Co-Evolution of Escherichia coli and its parasite Bdellovibrio bacteriovorus: An experimental model for Eukaryogenesis
Dr. Margie Kinnersley NASA Post-Doctoral Fellow, Rosenzweig Laboratory; margie.kinnersley(at)mso.umt.edu
The history of Life on Earth has been punctuated by major transitions in cellular form and function that have driven significant increases in cellular complexity. Among these transitions, perhaps the most crucial to understanding extant biodiversity is the transition from prokaryote to eukaryote (eukaryogenesis). Because the timing of eukaryogenesis coincides with the phylogenetic origin of the mitochondrion, it has been hypothesized that acquisition of this organelle heralded the prokaryote-eukaryote transition. I am working to establish a simple, straightforward model for the advent of mitochondria using Escherichia coli and its intracellular prokaryotic pathogen, Bdellovibrio bacteriovorus. This co-evolving system will be used to test hypotheses concerning ecological prerequisites for, early molecular events in, and evolutionary consequences of incipient endosymbiosis based on metabolic niche partitioning and energy generation, exactly the features that define the mitochondrion’s role in eukaryotic systems. Understanding these aspects of mitochondriogenesis is essential for truly understanding the prokaryotic/eukaryotic transition and thus is applicable to the study of myriad aspects of cellular and organismal diversity.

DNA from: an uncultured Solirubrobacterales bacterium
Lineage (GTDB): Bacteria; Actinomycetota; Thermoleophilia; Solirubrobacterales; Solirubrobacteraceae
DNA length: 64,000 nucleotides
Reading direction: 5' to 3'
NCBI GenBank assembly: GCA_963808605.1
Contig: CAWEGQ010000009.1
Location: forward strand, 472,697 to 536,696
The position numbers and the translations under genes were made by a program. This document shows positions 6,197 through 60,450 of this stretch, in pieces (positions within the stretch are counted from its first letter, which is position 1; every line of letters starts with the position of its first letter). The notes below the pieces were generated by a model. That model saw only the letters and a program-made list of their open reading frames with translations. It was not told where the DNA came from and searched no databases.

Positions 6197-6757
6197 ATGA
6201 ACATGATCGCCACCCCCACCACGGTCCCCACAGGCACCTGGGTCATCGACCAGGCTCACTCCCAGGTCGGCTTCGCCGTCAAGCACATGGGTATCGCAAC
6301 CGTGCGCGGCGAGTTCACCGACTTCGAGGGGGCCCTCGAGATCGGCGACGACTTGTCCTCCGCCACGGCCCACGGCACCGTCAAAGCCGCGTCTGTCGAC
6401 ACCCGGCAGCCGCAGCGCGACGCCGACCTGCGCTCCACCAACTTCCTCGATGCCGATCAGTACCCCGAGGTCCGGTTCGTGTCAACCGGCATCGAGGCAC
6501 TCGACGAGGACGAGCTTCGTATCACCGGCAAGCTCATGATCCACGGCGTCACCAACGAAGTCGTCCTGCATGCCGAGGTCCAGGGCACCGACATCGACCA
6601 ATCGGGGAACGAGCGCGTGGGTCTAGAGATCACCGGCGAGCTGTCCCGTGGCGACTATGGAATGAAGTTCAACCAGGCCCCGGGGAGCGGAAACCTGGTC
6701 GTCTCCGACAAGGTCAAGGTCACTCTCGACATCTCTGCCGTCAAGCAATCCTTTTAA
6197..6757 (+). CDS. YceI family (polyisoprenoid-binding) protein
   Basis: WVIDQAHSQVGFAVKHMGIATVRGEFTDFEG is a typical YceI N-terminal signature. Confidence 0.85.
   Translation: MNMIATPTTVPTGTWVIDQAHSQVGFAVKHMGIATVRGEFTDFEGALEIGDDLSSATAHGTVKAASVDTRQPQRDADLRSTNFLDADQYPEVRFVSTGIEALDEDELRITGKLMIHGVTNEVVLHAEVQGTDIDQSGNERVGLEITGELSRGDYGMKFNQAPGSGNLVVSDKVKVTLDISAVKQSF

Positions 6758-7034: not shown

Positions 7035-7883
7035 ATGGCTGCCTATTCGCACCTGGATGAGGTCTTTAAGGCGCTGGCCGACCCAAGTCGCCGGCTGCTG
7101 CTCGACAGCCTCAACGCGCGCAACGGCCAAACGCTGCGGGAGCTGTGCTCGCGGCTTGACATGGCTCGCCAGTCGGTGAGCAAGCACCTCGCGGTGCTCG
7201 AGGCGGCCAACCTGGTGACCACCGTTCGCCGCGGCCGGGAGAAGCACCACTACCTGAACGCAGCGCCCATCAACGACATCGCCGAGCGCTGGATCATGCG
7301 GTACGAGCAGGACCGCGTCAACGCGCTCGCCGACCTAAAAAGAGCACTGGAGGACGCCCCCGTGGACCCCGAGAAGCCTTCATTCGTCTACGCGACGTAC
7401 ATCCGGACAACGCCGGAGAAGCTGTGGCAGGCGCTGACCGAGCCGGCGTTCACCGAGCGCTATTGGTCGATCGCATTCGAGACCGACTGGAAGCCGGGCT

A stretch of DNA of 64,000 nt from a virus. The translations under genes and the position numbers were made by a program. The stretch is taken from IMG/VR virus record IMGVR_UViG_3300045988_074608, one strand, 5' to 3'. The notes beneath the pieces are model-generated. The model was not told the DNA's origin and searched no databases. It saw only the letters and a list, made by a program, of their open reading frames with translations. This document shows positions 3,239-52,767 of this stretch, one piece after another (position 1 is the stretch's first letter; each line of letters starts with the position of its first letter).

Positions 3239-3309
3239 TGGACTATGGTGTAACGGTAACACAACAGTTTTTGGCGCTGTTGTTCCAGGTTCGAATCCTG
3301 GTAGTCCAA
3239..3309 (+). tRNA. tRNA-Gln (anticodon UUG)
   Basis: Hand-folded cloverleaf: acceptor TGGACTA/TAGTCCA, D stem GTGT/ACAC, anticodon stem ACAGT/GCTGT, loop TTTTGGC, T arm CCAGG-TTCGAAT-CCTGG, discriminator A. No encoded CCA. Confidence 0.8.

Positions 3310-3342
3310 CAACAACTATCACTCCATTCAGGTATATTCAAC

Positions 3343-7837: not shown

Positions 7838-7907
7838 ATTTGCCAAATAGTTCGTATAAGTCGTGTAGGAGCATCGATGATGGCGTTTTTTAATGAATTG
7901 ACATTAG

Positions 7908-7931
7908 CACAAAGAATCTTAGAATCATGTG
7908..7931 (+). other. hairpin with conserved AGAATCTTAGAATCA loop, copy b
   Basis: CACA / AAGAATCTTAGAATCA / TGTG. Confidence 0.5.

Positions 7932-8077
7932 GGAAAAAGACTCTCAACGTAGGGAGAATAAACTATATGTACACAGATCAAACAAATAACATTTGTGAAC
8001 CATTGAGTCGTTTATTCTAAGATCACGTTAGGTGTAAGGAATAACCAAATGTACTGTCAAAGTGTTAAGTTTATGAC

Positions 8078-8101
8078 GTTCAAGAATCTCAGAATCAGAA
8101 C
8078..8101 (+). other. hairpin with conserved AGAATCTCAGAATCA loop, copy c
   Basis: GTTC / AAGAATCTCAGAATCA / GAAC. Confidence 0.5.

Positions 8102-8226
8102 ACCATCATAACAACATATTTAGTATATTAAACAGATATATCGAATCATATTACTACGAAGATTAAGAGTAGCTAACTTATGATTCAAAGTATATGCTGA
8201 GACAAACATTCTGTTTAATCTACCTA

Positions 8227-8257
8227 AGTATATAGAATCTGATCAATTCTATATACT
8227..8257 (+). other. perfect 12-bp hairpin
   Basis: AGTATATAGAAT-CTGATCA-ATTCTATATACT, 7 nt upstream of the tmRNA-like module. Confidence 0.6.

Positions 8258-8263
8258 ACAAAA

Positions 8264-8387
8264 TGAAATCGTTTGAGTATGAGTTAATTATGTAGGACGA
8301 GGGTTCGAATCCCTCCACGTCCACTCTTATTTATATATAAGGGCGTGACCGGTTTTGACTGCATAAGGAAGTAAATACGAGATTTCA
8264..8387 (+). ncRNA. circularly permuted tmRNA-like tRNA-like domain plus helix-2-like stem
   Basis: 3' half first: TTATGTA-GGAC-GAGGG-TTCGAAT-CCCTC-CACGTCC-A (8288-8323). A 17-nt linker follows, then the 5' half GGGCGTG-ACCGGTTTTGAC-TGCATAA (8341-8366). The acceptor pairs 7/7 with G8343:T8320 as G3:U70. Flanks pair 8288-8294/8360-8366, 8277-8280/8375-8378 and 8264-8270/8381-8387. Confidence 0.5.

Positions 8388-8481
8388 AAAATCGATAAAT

This is a laboratory-based project that does not involve field work. An Intern on this project would be expected to: perform precise, repetitive tasks; stand for moderate amounts of time; lift up to 20 lbs; use potentially hazardous reagents under supervision.
Key words: experimental evolution, mitochondriogenesis, evolution of complexity, parasitism, eukaryogenesis